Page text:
Tag Archives: quick recipe

Homemade Fruit and Nut Granola Bars

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Your (soon to be) favorite granola bar.

When I was pregnant and shortly after I had my son fifteen months ago, I received a great deal of advice.  Some of the advice was game changing, like the advice to get an Ergobaby carrier so I could “wear him down” to sleep while still getting some things done.  Some of the advice clearly works for some babies but not mine…like the advice to put River in his crib and allow him to soothe himself to sleep.  Let me just say that after many, many, many attempts and variations, he wants nothing to do with that business (and who would, when they can fall asleep with their head on mama’s warm chest, listening to the thump thump of her heart?).  And some of the advice was just plain weird, like the time I was told by a well-meaning stranger at a concert that I should take a washcloth and rub vigorously to “toughen up my nipples” before I had my son.  Seriously.  A stranger told me that.  I can’t make this stuff up.

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Two pieces of advice that have been truly invaluable during this time have been 1) to take care of myself and 2) to embrace routine.  Both are often easier said than done but over time I have found some great ways to streamline my day and make sure my basic needs are met so I can be a good caregiver and worker.  As a food lover and still-nursing and pumping mom, that means making sure that I have snacks and lunches prepped and packed for the week every Sunday.  I’m all about making one big batch of snacks and lunches to last through the weekdays.  Freezable dishes?  Even better.  This recipe for granola bars provides me with a healthy snack that is easy to make ahead of time, easy to pack, provides a great boost of energy, and is freezable.  A super food.

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Roasted oats and nuts added to the dried fruit.

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Adding the brown rice syrup, honey, and peanut butter.

When I started out on my task of creating a granola bar recipe, several recipes I encountered online required baking the bars.  I found that it was very difficult to get a consistent end result that was not dry or too chewy.  After much tweaking and taste testing, this granola bar recipe is the result of my efforts.  It requires roasting the grains and nuts ahead of time to add flavor without drying or hardening the bar.  After the grains and nuts are roasted, it only takes a few moments to stir the dry and wet ingredients and to pat them in the pan to set.  Easy.  Delicious.  Cheaper than a Kind bar.  My favorite granola bar yet.  I hope you love it too.

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Combining the wet and dry ingredients until everything is evenly coated.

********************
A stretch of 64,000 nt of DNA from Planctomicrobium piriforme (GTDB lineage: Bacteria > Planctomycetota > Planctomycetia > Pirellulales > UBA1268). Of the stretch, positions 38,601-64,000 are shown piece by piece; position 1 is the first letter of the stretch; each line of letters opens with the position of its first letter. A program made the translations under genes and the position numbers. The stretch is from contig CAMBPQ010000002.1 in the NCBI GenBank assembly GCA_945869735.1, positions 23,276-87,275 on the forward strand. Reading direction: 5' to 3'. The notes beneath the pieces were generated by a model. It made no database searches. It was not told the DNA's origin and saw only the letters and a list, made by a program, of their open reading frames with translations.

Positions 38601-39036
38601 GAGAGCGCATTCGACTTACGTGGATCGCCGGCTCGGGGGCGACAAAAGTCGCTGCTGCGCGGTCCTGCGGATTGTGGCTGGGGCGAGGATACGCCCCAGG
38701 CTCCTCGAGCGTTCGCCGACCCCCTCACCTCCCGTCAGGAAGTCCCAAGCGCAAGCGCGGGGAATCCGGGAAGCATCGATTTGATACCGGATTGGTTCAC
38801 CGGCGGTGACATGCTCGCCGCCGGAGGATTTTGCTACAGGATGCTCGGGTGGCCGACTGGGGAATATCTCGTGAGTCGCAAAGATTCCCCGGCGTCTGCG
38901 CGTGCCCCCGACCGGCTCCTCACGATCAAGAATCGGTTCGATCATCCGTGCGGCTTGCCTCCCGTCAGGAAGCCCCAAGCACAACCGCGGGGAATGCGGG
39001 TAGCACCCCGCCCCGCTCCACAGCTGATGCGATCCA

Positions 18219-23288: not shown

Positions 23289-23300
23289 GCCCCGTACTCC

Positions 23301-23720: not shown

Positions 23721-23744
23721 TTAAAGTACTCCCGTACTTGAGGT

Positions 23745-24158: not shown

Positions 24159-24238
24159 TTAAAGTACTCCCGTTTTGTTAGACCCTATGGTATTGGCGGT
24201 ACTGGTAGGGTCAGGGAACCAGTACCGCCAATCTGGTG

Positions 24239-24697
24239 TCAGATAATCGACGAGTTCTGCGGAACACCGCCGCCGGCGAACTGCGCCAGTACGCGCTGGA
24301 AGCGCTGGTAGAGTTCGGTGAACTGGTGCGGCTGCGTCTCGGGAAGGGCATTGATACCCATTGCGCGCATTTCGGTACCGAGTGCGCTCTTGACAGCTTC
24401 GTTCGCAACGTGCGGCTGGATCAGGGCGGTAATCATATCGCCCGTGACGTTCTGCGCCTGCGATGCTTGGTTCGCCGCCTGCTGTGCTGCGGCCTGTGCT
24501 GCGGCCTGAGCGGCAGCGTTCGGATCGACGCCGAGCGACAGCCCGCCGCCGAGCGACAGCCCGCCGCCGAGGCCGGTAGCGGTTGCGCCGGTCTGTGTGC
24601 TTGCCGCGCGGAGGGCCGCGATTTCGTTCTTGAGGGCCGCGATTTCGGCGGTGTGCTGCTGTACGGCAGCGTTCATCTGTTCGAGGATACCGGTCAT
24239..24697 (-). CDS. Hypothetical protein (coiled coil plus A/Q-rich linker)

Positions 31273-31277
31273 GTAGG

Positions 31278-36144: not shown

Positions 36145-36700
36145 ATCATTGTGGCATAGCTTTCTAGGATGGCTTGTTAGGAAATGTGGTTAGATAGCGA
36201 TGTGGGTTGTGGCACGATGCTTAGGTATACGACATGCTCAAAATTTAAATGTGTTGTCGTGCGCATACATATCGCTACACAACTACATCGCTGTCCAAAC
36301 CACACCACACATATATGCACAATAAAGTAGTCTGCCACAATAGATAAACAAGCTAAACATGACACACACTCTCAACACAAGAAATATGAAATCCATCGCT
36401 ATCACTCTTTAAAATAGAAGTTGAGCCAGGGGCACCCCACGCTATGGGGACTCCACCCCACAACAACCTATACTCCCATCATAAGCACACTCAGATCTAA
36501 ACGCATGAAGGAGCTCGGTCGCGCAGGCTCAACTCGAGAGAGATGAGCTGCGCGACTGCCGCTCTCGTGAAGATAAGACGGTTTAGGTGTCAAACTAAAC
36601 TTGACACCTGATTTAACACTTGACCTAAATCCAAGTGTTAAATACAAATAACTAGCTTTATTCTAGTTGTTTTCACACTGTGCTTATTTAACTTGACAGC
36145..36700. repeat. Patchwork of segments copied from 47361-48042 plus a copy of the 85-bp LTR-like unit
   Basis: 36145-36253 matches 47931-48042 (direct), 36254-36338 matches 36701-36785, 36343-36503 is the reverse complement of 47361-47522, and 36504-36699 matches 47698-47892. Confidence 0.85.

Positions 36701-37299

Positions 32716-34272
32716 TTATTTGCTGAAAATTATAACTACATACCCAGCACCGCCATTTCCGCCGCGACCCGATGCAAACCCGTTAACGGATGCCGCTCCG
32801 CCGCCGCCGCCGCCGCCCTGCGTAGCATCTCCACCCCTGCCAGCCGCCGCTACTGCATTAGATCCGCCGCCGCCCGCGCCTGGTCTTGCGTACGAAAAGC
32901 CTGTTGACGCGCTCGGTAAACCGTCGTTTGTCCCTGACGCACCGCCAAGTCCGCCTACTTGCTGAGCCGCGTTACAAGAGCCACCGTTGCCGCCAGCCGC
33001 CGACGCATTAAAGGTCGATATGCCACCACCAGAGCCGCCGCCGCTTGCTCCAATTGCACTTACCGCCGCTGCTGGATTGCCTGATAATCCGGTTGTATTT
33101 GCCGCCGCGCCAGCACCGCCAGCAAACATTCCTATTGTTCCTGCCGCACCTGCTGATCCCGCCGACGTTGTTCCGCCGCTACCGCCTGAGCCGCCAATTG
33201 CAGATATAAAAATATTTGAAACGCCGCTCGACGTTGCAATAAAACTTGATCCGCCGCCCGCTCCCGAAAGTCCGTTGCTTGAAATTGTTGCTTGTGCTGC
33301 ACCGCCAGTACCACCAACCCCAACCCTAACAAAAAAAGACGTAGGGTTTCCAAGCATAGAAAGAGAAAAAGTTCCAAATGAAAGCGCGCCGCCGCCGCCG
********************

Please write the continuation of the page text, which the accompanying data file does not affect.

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Use a flat bottomed bowl or measuring cup to tamp down the mixture.

Have a sweet tooth?  These granola bars are naturally sweet from the brown rice syrup and touch of honey.  Still hankering?  To turn this into more of a dessert granola bar, add a handful of dark chocolate chips to the mix.  You won’t regret it!

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With dark chocolate chips added.

Homemade Fruit and Nut Granola Bars

Ingredients

  • 3 cups rolled oats
  • 1 cup puffed millet (optional – you can use another cup of rolled oats if you don’t have puffed millet)
  • 1 cup slivered almonds
  • 1/2 cup whole raw almonds
  • 1/2 cup raw pumpkin seeds (pepitas)
  • 2.5 cups dried fruits such as raisins, cranberries, etc.
  • 2 Tbsp honey
  • 1/2 cup peanut butter (I like to use crunchy)
  • 2/3 cup brown rice syrup (I buy at iHerb.com)

Instructions

  1. Put the oats, millet, almonds, and pumpkin seeds on a large sheet pan. Spread to distribute evenly. Roast at 350 degrees for 13-15 minutes until crispy but not browned.
  2. Meanwhile, heat the honey, peanut butter, and brown rice syrup on low in a saucepan. Heat just enough to easily be able to mix the peanut butter with the sweetener.
  3. Put the dried fruit into a large bowl. Add the roasted grains and nuts and mix. Pour the liquid mixture onto the dry mixture and stir well to combine.
  4. Pour the mixture onto a sheet pan or a 9x13 baking pan lined with parchment paper. Press the mixture into the pan hard enough to ensure the mixture will adhere and be able to be cut into bars. I recommend using a flat bottomed measuring cup or bowl to press the mixture into the pan!
  5. Place the pan into the fridge to cool off for an hour.
  6. Cut the bars into squares or rectangles.
  7. These also freeze very well so you may freeze any extras you have.
  8. Makes about 24 bars.